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Widening class division in Thailand: the Covid-19 factor

By Murray Hunter - posted Tuesday, 3 August 2021

Thailand’s class divisions have dramatically widened during the Covid-19 pandemic. With students returning to the streets in protest, even with tight crowd restrictions in place, after a three-month hiatus during the pandemic, the Prayuth Chan-ocha regime is faltering in public support and perceived competence to handle a dramatic linear increase in case numbers.

Thailand, last year near the top of the list of countries which have handled the pandemic well, now finds itself third last, ranked 118 out of 120 in the Nikkei Asia Covid-19 recovery index. Thailand’s prime minister Prayuth publicly took over personal control of managing the country’s response to the pandemic last April. Since then, the country has been hit with more contagious variants of the virus, and been slow and haphazard in rolling out the vaccine program across the country.

The government has put its eggs into Siam Bioscience's production of AstraZeneca, which is both late and providing far fewer doses than expected, and importing the less effective Sinovac Vaccine from China. Given the royal backing, the regime had little choice in supporting AstraZeneca as the primary vaccine. Hong Kong Sino Biopharmaceutical is part of the CP pharmaceutical group, where CP has a USD 515 million investment and 16 percent stake, a major supporter of the Prayuth regime.


The AZ option explains why Thailand was the only country which refused to join the World Health Organization's COVAX scheme, and also why Prayuth and his government passed up options in 2020 to buy mRNA vaccines like Pfizer and Moderna that Thais are now clamoring for. In addition, US pharmaceutical companies are said to have walked away from Thailand rather than contravene the US Foreign Corrupt Practices Act. This has led to a massive shortfall in acquiring enough vaccines to inoculate the nation. Now the government is attempting to mix the Sinovac and AZ vaccines to improve efficacy, contrary to WHO advice.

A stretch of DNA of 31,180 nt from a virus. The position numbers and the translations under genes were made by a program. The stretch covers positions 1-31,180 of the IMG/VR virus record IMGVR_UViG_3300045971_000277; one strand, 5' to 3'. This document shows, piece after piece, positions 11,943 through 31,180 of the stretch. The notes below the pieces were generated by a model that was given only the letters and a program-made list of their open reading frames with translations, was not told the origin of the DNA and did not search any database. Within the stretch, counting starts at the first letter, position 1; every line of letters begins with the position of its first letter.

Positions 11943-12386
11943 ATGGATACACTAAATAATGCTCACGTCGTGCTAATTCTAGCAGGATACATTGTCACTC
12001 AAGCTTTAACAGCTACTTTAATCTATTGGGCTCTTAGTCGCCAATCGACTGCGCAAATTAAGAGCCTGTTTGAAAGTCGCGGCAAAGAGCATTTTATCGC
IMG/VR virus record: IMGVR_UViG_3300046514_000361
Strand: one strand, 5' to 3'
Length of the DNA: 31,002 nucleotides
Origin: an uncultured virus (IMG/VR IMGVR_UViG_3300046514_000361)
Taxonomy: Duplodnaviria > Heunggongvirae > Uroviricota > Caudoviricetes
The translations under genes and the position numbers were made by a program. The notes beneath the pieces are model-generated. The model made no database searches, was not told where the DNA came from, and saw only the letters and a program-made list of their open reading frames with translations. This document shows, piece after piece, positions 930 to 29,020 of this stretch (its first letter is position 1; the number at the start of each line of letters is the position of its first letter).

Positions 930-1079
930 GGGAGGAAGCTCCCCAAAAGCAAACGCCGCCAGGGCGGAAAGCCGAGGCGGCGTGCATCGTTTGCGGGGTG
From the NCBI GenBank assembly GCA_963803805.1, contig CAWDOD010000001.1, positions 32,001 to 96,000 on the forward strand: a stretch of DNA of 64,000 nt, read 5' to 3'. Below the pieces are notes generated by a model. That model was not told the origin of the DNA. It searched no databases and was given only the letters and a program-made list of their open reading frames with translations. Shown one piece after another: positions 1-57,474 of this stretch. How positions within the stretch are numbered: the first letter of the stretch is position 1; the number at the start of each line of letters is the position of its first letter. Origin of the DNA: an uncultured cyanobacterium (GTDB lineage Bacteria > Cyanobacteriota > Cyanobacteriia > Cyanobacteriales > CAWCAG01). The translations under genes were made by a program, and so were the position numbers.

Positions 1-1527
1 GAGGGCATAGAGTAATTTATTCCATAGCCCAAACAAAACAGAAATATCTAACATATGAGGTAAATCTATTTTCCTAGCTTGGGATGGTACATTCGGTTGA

Nevertheless, Prayuth is on public record pledging the country will return to normality within 120 days, hence the rollout of the “sandbox” tourism reopening, amid rising Covid case numbers and deaths. The politics behind the acquisition of vaccines indicates how very little ordinary Thai people's lives mean to those leading this quasi-military government. 

Only 4.5 percent of the population has been vaccinated, where there is criticism that those well-connected elite, who are seen responsible for this outbreak by frequenting entertainment complexes and brothels, used connections to get vaccinated before the needy, vulnerable, and frontline medical workersacross the country.

With the prime minister and his entourage seen not obeying rules to wear masks at all times during the opening of the Phuket “sandbox”, on July 1, a scheme to bring back foreign tourists to Thailand, the covid pandemic has become the symbol of a great class divide.

Covid-19 restrictions in place over the last 18 months have gravely weakened the economy. Thailand’s GDP contracted 6.1 percent in 2020, and GDP per-capita declined USD 600 from 2019 to 2020, according to World Bank data. The Bank of Thailand estimatesthat GDP growth in 2021, have been downgraded to 1.8 percent. However, this estimate was made before the cabinet reintroduced restrictions in response to the dramatic rise in Covid cases, now around the 10,000 per day level, at the time of writing.

Thailand’s official unemployment rose to 1.96 percent, 760,000 people, in the first quarter of 2021. However, there are a further two million people unemployed in the informal sector, due to economic downturn and the collapse of both foreign and now domestic tourism across the country.


Poverty in Thailand is on the rise again, rising from 7.2 percent in 2016 to 8.8 percent in 2020. While aggregate household consumption grew, household consumption of the bottom 40 percent has shrunk.

At the same time, 38 of 50 of Thailand’s most wealthy families have increased their net worth. According to Forbes 50 Richest list, the Chearavanont brothers, of the Charoen Pokphand Group (CP), increased their wealth by USD 2.8 billion, to USD 30.2 billion over the last 15 months. Chareon Sirivadhanabhakdi of the Thai Beverage Group increased his wealth from USD 10.5 to USD 12.7 billion. The Chirathivat family, controlling the Central Group, increased their wealth from USD 11.6 billion, from USD 9.5 billion. Sarath Ratanavadi, of Gulf Energy Group and Advanced Info Services (AIS), increased his wealth to USD 8.9 billion. Thailand’s healthcare tycoons all increased their wealth substantially. The Sincharoenkul family, behind the Sri Trang group, which manufactures rubber gloves, made the list for the first time. Bancha Ongkosit, whose KCE Electronics manufacturers printed circuit boards for the automotive sector, came onto the list, with the upswing in demand for electric vehicles.

However, some families’ wealth dropped over the last year. Aiyawatt Srivaddhanaprabha, owner of King Power, which suffered a downturn from the travel freeze last year, was still ranked 16th with USD 2.15 billion. Somporn Juangroongruangkit, mother of banned politician Thanathorn Juangroongruangkit, still managed 47th position with USD 815 million.

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About the Author

Murray Hunter is an associate professor at the University Malaysia Perlis. He blogs at Murray Hunter.

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